This might moreover have been taken to be the sense of a remark made by he_tepfather as—one rainy day when the streets were all splash and two umbrella_nsociable and the wanderers had sought shelter in the National Gallery—Maisi_at beside him staring rather sightlessly at a roomful of pictures which h_ad mystified her much by speaking of with a bored sigh as a "sill_uperstition." They represented, with patches of gold and cataracts of purple, with stiff saints and angular angels, with ugly Madonnas and uglier babies, strange prayers and prostrations; so that she at first took his words for _rotest against devotional idolatry—all the more that he had of late ofte_ome with her and with Mrs. Wix to morning church, a place of worship of Mrs.
Wix's own choosing, where there was nothing of that sort; no haloes on heads, but only, during long sermons, beguiling backs of bonnets, and where, as he_overness always afterwards observed, he gave the most earnest attention. I_resently appeared, however, that his reference was merely to the affectatio_f admiring such ridiculous works—an admonition that she received from him a_ubmissively as she received everything. What turn it gave to their tal_eedn't here be recorded: the transition to the colourless schoolroom an_onely Mrs. Wix was doubtless an effect of relaxed interest in what was befor_hem. Maisie expressed in her own way the truth that she never went hom_owadays without expecting to find the temple of her studies empty and th_oor priestess cast out. This conveyed a full appreciation of her peril, an_t was in rejoinder that Sir Claude uttered, acknowledging the source of tha_eril, the reassurance at which I have glanced. "Don't be afraid, my dear: I've squared her." It required indeed a supplement when he saw that it lef_he child momentarily blank. "I mean that your mother lets me do what I wan_o long as I let her do what SHE wants."
"So you ARE doing what you want?" Maisie asked.
"Rather, Miss Farange!"
Miss Farange turned it over. "And she's doing the same?"
"Up to the hilt!"
Again she considered. "Then, please, what may it be?"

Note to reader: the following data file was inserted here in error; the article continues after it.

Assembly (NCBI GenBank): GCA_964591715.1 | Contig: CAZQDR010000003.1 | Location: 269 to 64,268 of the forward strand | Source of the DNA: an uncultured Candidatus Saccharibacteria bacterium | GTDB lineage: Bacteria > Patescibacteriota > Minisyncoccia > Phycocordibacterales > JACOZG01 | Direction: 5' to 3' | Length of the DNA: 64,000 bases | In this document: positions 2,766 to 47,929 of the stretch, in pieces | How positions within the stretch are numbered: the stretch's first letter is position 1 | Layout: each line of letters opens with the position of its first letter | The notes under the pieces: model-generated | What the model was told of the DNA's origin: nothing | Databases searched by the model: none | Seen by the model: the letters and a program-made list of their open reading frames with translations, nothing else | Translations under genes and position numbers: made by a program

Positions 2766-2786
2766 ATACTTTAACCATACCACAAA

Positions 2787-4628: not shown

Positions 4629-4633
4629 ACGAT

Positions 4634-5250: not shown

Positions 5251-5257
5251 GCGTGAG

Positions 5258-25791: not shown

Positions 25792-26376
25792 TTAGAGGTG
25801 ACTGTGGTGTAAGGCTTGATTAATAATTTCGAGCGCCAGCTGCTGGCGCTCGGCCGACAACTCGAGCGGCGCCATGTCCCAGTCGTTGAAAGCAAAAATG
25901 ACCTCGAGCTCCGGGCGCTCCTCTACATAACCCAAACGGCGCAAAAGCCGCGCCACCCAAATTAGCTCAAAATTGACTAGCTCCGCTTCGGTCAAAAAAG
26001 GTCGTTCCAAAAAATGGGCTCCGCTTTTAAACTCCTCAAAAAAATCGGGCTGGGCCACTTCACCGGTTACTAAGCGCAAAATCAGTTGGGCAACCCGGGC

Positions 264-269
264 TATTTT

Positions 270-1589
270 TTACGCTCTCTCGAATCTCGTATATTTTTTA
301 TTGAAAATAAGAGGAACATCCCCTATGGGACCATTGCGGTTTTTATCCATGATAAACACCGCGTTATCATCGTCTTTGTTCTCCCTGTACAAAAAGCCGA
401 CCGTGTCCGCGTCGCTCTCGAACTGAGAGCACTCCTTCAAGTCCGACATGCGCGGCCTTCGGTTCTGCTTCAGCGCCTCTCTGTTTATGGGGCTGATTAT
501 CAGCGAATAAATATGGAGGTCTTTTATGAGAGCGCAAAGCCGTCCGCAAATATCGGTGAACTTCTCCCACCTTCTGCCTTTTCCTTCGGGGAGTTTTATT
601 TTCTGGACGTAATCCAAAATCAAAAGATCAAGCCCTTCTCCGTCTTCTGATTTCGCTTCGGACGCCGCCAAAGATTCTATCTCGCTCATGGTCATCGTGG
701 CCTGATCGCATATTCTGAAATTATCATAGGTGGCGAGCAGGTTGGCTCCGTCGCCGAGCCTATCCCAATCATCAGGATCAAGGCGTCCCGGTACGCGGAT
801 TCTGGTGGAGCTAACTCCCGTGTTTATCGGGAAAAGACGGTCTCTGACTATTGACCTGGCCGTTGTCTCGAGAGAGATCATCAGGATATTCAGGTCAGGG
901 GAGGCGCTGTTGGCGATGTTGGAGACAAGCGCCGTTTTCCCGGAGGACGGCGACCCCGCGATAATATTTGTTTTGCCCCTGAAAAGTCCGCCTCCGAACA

"I wouldn't tell you for the whole world."
She gazed at a gaunt Madonna; after which she broke into a slow smile. "Well, I don't care, so long as you do let her."
"Oh you monster!"—and Sir Claude's gay vehemence brought him to his feet.
Another day, in another place—a place in Baker Street where at a hungry hou_he had sat down with him to tea and bun—he brought out a questio_isconnected from previous talk. "I say, you know, what do you suppose you_ather WOULD do?"
Maisie hadn't long to cast about or to question his pleasant eyes. "If yo_ere really to go with us? He'd make a great complaint."
He seemed amused at the term she employed. "Oh I shouldn't mind a
"He'd talk to every one about it," said Maisie.
"Well, I shouldn't mind that either."
"Of course not," the child hastened to respond. "You've told me you're no_fraid of him."
"The question is are you?" said Sir Claude.
Maisie candidly considered; then she spoke resolutely. "No, not of papa."
"But of somebody else?"
"Certainly, of lots of people."
"Of your mother first and foremost of course."
"Dear, yes; more of mamma than of—than of—"
"Than of what?" Sir Claude asked as she hesitated for a comparison.
She thought over all objects of dread. "Than of a wild elephant!" she at las_eclared. "And you are too," she reminded him as he laughed.
"Oh yes, I am too."
Again she meditated. "Why then did you marry her?"
"Just because I WAS afraid."
"Even when she loved you?"
"That made her the more alarming."
For Maisie herself, though her companion seemed to find it droll, this opene_p depths of gravity. "More alarming than she is now?"
"Well, in a different way. Fear, unfortunately, is a very big thing, an_here's a great variety of kinds."
She took this in with complete intelligence. "Then I think I've got them all."
"You?" her friend cried. "Nonsense! You're thoroughly 'game.'"
"I'm awfully afraid of Mrs. Beale," Maisie objected.
He raised his smooth brows. "That charming woman?"
"Well," she answered, "you can't understand it because you're not in the sam_tate."
She had been going on with a luminous "But" when, across the table, he lai_is hand on her arm. "I CAN understand it," he confessed. "I AM in the sam_tate."
"Oh but she likes you so!" Maisie promptly pleaded.
Sir Claude literally coloured. "That has something to do with it."
Maisie wondered again. "Being liked with being afraid?"
"Yes, when it amounts to adoration."
"Then why aren't you afraid of ME?"